The role of innovative hubs in building community resilience

PhD Thesis

Renando, Chad. 2020. The role of innovative hubs in building community resilience. PhD Thesis Doctor of Philosophy. University of Southern Queensland.

The role of innovative hubs in building community resilience

TypePhD Thesis
AuthorRenando, Chad
1. FirstProf Retha Wiesner
2. SecondDr Aastha Malhotra
3. Third Char-lee Moyle
Institution of OriginUniversity of Southern Queensland
Qualification NameDoctor of Philosophy
Number of Pages402
PublisherUniversity of Southern Queensland
Place of PublicationAustralia
Digital Object Identifier (DOI)

Innovation ecosystems are presumed to be beneficial for local communities. Actors in roles of financial capital, government, incubators, education, research, and entrepreneurs collaborate to realise economic and social outcomes. These outcomes are expected to influence community resilience, defined in this research as economic, built environment/infrastructure, social and individual, and institutional resources that allow a community to thrive in conditions of uncertainty. Driven in part by these expectations, there has been significant growth in the Queensland innovation ecosystem. This growth includes the establishment and management of innovation hubs.

Yet there remains limited empirical evidence within literature demonstrating the link between innovation ecosystems and community resilience outcomes (Bristow & Healy, 2018; Simmie, 2014). There is also ambiguity in the constructs of the innovation ecosystem, innovation hubs, and community resilience. The emerging and socially constructed nature of the innovation ecosystem makes applying existing models to address this ambiguity through research difficult, as the models may not reflect the reality of those in a local community.

This research took a systems theory approach using actor network theory and critical realism to understand the role of the innovation hub in the innovation ecosystem, the contribution of the innovation ecosystem on community resilience, and the contribution of the innovation hub on community resilience. This was achieved through a literature review, assessment of the Australian context, and 147 interviews with roles across 16 regions in Queensland, Australia. Interviews were performed using an appreciative inquiry approach. Data was coded based on actors and roles, the sentiment as a benefit or barrier for the contributing and receiving role, and the expected impacted community resilience indicator. Results were analysed using social network analysis.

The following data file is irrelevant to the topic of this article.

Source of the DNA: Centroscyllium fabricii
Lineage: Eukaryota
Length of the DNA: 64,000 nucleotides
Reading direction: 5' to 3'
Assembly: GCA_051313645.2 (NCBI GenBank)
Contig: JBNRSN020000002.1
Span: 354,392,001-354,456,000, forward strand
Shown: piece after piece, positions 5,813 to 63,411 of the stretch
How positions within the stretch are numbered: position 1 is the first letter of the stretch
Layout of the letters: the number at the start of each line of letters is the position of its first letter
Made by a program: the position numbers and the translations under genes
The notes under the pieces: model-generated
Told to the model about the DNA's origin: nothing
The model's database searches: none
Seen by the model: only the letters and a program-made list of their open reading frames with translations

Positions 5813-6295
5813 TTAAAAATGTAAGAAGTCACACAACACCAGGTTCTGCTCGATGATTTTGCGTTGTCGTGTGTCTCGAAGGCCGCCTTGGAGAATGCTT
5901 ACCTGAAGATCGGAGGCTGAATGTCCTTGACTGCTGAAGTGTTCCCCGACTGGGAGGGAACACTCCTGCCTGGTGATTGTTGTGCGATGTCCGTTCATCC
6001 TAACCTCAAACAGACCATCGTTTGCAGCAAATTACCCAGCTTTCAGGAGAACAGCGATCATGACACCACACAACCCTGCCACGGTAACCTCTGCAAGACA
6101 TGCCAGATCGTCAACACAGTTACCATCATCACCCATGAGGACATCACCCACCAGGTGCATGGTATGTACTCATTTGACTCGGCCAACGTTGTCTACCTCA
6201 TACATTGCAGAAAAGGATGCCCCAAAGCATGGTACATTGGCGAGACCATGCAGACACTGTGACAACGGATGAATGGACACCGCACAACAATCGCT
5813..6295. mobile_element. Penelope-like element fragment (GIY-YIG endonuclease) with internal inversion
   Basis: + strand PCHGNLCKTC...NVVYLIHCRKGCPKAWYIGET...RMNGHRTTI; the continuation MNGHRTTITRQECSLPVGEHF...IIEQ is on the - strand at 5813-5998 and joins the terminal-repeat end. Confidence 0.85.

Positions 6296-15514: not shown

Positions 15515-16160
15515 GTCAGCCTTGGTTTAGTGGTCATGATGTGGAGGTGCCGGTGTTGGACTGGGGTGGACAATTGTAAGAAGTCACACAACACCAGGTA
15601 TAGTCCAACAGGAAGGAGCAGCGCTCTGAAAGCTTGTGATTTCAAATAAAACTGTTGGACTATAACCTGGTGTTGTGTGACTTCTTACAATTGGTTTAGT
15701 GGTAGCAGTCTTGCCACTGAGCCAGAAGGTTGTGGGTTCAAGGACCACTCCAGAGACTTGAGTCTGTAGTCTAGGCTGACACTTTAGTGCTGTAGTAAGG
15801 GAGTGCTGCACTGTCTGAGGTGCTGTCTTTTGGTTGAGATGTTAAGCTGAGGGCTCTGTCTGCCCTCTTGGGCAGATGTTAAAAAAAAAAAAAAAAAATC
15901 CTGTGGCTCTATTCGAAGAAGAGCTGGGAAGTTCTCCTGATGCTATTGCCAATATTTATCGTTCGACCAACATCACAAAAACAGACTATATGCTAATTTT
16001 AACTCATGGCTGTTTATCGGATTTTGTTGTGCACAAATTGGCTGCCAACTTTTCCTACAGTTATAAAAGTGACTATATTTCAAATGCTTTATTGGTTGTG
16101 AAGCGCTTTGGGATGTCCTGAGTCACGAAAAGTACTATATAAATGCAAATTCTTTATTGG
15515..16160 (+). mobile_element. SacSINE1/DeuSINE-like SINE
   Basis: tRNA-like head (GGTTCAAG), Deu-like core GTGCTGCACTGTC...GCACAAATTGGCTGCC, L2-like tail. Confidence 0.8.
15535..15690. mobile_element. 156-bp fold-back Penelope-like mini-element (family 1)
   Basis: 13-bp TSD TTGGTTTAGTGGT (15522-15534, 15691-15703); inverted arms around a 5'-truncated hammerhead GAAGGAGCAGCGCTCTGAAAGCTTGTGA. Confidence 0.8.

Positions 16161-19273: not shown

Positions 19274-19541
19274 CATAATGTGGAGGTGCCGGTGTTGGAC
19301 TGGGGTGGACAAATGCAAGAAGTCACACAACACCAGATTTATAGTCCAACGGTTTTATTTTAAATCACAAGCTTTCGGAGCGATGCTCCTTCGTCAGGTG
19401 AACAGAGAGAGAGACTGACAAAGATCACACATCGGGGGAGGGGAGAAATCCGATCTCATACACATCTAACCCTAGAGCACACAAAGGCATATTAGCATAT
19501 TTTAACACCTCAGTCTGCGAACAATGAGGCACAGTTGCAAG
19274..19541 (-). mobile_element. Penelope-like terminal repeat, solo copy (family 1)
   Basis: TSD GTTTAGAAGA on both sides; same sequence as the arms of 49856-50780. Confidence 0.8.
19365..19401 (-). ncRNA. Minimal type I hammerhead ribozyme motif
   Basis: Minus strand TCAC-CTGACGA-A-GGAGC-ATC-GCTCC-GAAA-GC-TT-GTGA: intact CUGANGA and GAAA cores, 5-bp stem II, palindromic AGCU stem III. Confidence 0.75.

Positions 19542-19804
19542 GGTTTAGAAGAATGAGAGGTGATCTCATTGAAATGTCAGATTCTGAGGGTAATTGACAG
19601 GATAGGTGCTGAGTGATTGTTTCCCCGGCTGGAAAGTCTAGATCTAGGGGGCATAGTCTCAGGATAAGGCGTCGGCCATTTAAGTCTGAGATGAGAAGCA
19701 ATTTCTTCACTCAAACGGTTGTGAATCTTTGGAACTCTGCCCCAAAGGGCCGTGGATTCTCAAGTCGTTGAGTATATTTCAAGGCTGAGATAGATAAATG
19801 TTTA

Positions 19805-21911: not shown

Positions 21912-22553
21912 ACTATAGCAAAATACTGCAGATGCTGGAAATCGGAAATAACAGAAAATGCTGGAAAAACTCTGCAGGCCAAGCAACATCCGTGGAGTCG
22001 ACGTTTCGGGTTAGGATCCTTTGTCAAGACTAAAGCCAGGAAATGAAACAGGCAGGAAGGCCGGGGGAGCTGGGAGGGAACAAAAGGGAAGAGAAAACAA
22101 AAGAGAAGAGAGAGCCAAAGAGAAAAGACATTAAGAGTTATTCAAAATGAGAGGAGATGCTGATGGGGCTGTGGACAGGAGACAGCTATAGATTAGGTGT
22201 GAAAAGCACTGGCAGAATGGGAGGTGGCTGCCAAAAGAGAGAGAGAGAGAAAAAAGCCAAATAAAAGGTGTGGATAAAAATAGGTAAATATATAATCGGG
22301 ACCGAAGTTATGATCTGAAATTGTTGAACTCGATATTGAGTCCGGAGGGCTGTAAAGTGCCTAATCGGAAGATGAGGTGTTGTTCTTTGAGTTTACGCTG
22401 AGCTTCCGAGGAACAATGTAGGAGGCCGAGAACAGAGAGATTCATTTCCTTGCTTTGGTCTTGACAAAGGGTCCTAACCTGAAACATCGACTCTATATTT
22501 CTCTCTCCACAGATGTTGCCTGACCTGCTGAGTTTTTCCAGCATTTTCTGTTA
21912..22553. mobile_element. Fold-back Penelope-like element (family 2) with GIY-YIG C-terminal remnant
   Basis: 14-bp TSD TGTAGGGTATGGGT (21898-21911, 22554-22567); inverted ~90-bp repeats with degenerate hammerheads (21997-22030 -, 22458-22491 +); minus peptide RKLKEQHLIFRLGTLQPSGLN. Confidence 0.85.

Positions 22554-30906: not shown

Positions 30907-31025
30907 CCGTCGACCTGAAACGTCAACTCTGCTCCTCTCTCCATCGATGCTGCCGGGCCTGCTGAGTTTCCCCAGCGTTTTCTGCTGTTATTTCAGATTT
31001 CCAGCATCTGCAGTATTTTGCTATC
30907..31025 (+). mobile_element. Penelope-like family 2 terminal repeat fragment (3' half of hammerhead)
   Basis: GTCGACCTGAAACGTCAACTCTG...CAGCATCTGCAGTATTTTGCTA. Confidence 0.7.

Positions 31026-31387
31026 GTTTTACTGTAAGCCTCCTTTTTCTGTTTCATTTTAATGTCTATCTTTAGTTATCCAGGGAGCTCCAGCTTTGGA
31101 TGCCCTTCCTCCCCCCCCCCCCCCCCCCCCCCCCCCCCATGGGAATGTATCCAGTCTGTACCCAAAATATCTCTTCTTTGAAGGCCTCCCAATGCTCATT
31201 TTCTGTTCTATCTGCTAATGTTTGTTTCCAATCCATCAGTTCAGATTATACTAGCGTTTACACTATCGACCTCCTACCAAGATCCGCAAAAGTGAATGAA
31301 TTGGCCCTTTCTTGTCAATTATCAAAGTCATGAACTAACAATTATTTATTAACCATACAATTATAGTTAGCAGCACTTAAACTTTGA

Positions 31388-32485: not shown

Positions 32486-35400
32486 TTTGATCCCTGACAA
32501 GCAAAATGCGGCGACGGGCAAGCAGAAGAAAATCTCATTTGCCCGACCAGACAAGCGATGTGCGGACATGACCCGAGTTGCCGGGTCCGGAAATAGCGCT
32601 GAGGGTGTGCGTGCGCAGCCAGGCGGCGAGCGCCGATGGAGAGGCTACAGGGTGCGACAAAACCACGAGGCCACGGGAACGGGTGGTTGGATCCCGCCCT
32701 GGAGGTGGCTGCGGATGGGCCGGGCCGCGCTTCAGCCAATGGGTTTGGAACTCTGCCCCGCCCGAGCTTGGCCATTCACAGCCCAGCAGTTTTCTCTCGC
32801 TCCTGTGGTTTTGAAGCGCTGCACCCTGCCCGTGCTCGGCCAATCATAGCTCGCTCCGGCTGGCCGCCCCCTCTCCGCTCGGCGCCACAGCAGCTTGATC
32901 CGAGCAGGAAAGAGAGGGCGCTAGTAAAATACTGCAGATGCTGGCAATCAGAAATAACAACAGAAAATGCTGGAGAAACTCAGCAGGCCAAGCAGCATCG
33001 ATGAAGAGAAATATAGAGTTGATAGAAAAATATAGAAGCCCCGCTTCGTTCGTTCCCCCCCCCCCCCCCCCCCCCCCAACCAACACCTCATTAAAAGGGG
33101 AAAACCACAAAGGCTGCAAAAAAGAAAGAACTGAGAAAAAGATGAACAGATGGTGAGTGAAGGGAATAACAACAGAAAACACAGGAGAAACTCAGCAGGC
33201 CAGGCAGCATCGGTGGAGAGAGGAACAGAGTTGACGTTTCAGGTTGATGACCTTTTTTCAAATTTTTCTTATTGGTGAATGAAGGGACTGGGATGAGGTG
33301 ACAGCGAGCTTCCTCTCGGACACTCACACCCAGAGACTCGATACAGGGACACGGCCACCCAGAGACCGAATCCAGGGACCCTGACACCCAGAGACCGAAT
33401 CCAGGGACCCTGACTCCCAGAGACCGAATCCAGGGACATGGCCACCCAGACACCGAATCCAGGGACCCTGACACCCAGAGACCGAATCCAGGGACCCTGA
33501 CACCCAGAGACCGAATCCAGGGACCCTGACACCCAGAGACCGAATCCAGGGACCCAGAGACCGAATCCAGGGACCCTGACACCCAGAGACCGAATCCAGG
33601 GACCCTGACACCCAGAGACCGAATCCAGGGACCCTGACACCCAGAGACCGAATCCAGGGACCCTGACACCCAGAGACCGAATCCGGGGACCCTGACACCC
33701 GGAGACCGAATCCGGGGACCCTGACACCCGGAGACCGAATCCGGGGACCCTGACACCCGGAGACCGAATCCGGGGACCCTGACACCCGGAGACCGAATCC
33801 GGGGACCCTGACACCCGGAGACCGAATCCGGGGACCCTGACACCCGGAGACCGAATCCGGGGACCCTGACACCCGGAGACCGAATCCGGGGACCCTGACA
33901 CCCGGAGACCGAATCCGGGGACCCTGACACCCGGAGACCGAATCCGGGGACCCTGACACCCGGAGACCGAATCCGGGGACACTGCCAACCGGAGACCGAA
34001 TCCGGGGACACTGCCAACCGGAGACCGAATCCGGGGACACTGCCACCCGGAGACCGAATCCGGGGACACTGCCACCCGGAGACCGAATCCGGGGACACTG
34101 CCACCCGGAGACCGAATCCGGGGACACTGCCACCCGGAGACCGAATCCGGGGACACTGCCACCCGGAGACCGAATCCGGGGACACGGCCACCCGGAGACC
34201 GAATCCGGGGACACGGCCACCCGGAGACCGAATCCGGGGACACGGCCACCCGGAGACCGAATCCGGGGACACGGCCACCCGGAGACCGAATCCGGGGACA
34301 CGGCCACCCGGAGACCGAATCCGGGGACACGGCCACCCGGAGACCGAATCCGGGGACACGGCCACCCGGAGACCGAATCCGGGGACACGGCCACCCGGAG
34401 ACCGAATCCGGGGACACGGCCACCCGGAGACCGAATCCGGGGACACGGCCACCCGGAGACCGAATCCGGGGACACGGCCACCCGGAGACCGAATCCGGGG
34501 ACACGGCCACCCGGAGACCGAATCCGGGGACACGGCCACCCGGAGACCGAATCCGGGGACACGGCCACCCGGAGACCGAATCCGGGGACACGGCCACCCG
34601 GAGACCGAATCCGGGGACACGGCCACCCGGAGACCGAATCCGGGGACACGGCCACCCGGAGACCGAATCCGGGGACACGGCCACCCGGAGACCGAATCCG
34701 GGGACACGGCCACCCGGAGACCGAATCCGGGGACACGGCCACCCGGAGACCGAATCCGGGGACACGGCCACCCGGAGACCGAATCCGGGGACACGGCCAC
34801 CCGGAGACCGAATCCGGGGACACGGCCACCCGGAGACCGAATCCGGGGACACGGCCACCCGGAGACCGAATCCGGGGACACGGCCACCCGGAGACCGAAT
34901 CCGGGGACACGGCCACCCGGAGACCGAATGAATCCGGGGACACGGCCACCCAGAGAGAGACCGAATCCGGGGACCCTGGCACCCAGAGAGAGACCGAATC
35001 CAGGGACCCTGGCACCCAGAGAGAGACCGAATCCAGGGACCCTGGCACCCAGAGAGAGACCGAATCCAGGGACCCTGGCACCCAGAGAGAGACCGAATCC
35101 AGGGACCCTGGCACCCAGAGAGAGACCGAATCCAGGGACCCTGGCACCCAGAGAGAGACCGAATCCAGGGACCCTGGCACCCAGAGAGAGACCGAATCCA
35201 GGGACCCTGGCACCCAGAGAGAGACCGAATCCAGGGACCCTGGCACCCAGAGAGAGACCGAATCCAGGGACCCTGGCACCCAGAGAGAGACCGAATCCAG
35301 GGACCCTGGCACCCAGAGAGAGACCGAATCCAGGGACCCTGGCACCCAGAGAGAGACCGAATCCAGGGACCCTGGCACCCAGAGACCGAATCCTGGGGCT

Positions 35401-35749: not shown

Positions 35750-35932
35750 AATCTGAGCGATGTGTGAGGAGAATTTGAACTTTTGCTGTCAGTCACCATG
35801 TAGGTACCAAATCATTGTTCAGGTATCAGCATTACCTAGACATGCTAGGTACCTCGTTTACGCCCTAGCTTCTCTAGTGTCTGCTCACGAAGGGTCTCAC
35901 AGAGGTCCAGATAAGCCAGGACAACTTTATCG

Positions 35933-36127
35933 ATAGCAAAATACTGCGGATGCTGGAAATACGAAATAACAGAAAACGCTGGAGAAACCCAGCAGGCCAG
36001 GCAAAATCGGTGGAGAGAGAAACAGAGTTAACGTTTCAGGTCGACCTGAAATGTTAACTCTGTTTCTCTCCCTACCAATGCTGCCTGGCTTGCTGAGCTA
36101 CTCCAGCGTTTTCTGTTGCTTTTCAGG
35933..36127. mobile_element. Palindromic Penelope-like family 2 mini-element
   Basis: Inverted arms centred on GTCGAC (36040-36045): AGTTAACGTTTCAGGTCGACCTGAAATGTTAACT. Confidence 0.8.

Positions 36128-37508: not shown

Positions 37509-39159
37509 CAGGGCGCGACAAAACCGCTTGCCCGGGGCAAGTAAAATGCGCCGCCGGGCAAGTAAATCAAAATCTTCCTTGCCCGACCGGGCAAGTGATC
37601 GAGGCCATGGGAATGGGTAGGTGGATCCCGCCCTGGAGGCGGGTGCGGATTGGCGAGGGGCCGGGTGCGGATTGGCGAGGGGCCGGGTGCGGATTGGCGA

This research suggests that the innovation ecosystem and the innovation hub have an enabling and inhibiting contribution towards community resilience. The innovation hub performs functions that are core to its services for innovation and entrepreneur outcomes, internal to operational capability and capacity, external influence to work with the local ecosystem, and external concern where it may not be involved but impacts outcomes. The interaction of the innovation hub with other roles is reviewed to consider strategies to influence the impact on community resilience.

This research advances the body of knowledge through the relationships between the three constructs of the innovation ecosystem, the innovation hub, and community resilience, as well as the application of systems theory, actor network theory and critical realism for innovation ecosystems. Policy can benefit from guidance on planning and development related to multiple innovation ecosystem roles. Finally, practitioners can use the results to develop strategies and build sustainability into their business models.

KeywordsInnovation ecosystem, community resilience, innovation hub, actor network theory, critical realism, systems theory
ANZSRC Field of Research 2020350704. Entrepreneurship
330408. Strategic, metropolitan and regional planning
350705. Innovation management
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Byline AffiliationsSchool of Management and Enterprise
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